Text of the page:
Whether it is the world-class Mumbai-Pune Expressway or the Sapporo Dome in Japan that played host to some of the most exciting 2002 World Cup football matches, the border roads between India and Pakistan where building is as difficult as it is dangerous or the underground train systems of London, Paris, Kolkata and Delhi, the Konkan Railway that connects Mumbai and Mangalore, an engineering marvel that incorporates 2,000 bridges and 92 tunnels or the Golden Gate Bridge in San Francisco, the Pyramids of Egypt or the massive apartment block in your city, it is teams of brilliant civil and structural engineers who have made it possible.

Are you Civil Engineering material?

If you want to be a civil engineer, you need to:

Have a love of the outdoor life – most of the civil engineer’s life is spent at the mercy of the weather elements, be it sweltering sunshine or pouring rain.

Be more or less happy with your own company – civil engineers are usually the only ones on the building team with such a high level of education.

Be a patient kind of person – civil engineering projects usually take years and years to complete, and almost always take longer than what they were supposed to take.

Be able to handle large teams of blue-collar workers.

Be excited by the thought of designing and then overseeing the construction of gigantic structures.

You should not be:

A creature of the city. While there are city-based projects open to civil engineers, like building sky scrapers or flyovers or underground rail systems, there are definitely more projects in remote locations. Manufacturing and chemical plants, projects involving the railways, interstate highways, dams, and power plants situated mostly very far away from cities.

Someone who loves the good life – you will have to learn to live without the modern luxuries such as air conditioning, big cars, posh restaurants, and more, at least while you are on a project outside a city.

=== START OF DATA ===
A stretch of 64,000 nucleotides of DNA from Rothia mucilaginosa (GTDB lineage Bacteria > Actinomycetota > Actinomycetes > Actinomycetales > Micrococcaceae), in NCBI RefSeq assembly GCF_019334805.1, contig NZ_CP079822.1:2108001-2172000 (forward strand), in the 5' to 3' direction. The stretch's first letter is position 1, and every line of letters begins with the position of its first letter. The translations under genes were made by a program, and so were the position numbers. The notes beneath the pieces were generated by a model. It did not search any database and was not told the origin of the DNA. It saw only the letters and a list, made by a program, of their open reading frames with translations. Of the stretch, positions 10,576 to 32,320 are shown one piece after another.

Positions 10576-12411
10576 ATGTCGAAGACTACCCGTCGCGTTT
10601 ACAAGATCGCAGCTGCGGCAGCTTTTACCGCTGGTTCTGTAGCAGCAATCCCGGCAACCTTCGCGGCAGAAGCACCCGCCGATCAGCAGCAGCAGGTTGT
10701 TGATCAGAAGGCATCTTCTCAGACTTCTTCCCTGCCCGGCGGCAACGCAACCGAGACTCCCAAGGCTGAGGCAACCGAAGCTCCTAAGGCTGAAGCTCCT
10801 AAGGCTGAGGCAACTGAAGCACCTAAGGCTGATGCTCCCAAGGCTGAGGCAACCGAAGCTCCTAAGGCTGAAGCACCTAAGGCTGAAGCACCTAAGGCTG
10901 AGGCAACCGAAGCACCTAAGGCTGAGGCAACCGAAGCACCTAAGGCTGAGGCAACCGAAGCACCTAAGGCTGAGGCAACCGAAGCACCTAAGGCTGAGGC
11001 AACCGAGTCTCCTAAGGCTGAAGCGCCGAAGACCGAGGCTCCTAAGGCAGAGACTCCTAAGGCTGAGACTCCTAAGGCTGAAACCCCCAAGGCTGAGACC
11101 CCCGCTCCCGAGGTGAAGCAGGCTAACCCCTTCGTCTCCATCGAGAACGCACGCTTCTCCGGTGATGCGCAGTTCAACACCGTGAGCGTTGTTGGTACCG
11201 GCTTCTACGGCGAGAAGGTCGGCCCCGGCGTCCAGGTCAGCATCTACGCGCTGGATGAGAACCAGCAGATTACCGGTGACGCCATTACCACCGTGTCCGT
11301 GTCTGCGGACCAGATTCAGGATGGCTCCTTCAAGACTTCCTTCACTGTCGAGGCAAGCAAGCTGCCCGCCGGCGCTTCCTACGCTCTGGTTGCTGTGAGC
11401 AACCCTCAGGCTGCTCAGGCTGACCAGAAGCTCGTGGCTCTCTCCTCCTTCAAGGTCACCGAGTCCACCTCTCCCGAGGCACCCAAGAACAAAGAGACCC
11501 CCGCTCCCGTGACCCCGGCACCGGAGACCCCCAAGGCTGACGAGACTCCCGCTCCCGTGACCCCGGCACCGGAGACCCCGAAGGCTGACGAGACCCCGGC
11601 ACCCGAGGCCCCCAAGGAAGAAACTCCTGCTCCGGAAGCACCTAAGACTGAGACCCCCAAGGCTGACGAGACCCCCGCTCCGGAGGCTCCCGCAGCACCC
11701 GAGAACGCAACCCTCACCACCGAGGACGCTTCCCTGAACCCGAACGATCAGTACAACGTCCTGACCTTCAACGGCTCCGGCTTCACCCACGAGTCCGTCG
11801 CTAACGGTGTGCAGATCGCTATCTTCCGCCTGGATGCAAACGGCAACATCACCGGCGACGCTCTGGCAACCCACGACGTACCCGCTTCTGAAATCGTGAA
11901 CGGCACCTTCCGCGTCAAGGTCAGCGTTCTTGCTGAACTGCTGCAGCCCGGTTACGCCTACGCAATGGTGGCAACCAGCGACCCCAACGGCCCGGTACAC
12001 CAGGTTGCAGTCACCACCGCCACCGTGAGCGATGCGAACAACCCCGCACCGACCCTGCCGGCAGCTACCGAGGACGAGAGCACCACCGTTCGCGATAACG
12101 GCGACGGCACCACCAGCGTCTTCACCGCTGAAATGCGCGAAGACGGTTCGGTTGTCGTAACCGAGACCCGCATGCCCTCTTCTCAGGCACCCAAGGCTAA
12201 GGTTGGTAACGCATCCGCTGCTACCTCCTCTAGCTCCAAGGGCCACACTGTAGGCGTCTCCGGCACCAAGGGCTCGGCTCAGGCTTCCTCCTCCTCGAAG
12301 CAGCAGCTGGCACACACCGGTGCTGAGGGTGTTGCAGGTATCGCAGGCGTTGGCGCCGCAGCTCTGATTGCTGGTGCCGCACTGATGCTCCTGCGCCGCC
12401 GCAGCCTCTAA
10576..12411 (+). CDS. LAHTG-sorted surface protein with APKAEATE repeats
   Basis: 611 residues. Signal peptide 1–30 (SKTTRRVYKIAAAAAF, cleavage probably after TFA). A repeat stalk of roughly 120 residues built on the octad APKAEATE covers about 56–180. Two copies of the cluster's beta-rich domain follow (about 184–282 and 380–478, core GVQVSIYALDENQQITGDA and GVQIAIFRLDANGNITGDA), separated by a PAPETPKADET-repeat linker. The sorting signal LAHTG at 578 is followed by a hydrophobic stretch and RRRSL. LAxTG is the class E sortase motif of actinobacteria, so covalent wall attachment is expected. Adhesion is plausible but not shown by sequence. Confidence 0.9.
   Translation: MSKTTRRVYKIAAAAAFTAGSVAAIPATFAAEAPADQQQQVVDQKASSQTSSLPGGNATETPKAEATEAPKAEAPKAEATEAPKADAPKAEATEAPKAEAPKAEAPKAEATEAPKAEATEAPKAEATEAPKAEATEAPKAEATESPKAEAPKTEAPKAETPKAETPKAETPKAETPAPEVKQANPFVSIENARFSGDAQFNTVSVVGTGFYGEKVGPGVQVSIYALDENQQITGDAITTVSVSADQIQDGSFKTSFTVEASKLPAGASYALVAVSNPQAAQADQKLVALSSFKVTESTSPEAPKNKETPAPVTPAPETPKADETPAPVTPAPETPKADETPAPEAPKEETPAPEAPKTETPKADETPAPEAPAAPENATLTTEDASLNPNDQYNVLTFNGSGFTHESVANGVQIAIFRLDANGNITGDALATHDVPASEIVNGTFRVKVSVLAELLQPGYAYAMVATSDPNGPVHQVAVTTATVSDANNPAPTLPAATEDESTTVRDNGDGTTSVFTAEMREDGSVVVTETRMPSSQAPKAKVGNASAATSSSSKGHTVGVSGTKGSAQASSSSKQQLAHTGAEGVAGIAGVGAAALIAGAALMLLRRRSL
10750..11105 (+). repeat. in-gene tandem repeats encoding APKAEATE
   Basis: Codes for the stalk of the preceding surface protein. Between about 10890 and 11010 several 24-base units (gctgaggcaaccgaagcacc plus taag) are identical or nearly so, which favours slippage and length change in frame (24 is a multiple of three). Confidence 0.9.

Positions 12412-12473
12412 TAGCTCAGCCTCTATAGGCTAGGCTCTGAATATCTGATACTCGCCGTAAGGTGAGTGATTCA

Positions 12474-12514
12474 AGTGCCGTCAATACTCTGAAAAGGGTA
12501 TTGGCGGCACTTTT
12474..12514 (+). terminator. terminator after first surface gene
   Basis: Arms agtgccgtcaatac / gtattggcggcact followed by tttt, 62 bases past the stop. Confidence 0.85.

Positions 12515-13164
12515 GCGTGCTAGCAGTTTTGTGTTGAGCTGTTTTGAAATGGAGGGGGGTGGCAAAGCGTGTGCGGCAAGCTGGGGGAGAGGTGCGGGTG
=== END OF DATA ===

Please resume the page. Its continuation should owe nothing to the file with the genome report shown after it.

What do civil engineers do?

Civil engineers are required where anything needs to be constructed – whether it is a building, a factory, a bridge, a dam or any such structure. The presence of the civil engineer is required prior to construction, during construction, as well as after the construction.

A civil engineer’s job is perhaps more physically demanding than any other kind of engineer’s. You will spend days outdoors when you are on a project. In the first phase, you will survey the land, take soil samples, check the depth of the water table, and so on. This will help you decide what to do next – maybe, you will need to do some blasting if the ground is rocky, or drain some water out if the land is swampy. Testing the soil will also help you decide what type of foundation your structure will need and how deep it should be.

Once building starts, you will be supervising large teams of contract laborers. Apart from handling all the unexpected problems that come up while building, you will also have to manage your team. As head of the project, you have to keep workers’ welfare in mind while also making sure you finish the project within time. You will have to negotiate with your workers on wages, holidays, providing temporary shelters close to work site and so on. You will have to do it well, if you don’t want them to go on strike and bring all building work to an abrupt halt.

March 10, 2009 at 6:33 am 2 comments